As in the case before us, the government in the Baptiste case argued on appeal that the magistrate did not evaluate the evidence, but rather dismissed the case on a perceived violation of state law. However, the Ninth Circuit disagreed. They stated:

The proper analysis is that because the magistrate refused to consider any of the government’s evidence, there was no evidence available to prove Baptiste’s guilt. This can only mean that the “evidence was legally insufficient to convict.” Hence, the magistrate’s action is properly characterized as a judgment of acquittal. See [U.S. v.] Ember, 726 F.2d [522] at 524 [ (9th Cir.1984) ]. That the magistrate may have erred in his ruling is irrelevant. See Sanabria, 437 U.S. at 68-69, 98 S.Ct. at 2181 (erroneous evidentiary ruling leading to erroneous judgment of acquittal for insufficient evidence bars further prosecution).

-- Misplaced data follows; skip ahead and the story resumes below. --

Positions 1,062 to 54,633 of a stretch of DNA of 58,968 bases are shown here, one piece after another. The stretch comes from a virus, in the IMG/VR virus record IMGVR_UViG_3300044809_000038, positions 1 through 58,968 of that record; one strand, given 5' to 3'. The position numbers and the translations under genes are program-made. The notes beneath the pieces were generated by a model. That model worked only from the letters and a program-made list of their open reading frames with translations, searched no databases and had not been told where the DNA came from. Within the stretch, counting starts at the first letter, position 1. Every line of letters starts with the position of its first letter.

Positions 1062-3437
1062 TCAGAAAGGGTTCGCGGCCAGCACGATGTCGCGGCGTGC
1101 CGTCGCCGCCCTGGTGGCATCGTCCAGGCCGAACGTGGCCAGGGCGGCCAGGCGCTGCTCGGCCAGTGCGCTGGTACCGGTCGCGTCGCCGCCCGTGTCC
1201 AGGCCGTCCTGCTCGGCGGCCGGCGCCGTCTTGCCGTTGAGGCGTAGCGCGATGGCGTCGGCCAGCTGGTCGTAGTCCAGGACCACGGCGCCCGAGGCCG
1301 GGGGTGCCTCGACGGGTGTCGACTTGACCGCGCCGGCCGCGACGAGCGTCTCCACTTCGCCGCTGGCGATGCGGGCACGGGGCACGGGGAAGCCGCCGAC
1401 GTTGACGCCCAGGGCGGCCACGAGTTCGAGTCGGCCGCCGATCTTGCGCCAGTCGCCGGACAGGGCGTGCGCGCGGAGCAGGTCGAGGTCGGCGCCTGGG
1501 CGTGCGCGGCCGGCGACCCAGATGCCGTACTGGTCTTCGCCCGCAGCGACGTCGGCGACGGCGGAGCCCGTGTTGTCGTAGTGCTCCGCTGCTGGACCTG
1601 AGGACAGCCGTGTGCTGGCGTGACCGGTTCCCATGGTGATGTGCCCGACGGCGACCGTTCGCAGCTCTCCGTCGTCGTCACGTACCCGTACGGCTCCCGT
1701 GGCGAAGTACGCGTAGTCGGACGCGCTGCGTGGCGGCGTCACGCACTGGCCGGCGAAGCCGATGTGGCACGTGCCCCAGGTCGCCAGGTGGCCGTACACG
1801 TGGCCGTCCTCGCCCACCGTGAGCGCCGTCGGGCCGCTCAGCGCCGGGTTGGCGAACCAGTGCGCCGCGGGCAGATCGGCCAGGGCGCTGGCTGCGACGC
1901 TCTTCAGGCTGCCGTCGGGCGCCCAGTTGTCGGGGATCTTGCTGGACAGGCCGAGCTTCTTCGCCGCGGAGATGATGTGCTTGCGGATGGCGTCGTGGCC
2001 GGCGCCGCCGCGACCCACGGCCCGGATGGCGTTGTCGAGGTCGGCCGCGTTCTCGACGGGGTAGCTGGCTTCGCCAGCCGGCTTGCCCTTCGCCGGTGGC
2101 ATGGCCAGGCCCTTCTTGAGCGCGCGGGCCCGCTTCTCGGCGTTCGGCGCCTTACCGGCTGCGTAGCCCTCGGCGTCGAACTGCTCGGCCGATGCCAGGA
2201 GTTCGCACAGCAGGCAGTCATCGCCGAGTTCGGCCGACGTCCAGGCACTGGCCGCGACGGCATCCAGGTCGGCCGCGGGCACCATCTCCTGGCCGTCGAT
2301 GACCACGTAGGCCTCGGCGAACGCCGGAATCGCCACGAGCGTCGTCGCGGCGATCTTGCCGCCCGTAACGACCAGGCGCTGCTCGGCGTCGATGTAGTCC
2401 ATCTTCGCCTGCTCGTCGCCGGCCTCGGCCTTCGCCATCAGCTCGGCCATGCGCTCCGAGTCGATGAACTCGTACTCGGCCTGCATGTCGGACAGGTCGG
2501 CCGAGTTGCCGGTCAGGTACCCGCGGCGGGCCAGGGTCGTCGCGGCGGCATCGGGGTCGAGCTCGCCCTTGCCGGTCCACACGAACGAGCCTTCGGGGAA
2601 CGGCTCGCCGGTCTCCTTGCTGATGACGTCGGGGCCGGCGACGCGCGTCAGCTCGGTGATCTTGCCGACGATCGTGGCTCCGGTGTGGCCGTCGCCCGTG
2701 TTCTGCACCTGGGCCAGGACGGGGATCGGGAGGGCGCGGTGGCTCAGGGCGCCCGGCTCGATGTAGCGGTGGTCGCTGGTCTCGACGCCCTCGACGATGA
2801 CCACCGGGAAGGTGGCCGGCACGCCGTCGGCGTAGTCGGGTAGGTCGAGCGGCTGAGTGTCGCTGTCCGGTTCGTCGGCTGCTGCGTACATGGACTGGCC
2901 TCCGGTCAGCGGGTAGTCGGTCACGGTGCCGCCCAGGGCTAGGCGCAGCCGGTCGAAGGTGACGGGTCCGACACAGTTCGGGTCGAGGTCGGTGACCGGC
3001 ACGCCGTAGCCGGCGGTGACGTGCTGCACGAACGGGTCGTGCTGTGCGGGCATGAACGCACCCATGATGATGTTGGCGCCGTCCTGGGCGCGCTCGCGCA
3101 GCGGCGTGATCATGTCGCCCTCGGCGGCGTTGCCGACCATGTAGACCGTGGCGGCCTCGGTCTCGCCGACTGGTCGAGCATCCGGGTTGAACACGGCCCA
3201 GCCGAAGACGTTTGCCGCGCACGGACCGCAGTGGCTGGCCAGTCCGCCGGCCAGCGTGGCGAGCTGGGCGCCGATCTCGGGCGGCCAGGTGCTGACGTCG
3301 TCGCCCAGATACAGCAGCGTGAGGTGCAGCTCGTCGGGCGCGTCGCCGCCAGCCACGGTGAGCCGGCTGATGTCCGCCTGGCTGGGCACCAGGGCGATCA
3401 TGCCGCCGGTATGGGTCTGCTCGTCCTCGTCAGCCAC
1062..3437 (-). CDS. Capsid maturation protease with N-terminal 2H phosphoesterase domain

United States v. Baptiste, 832 F.2d 1173, 1175 (9th Cir.1987). I find this legal analysis in the Baptiste case convincing, especially in light of the remarkable factual similarities to the case at bar.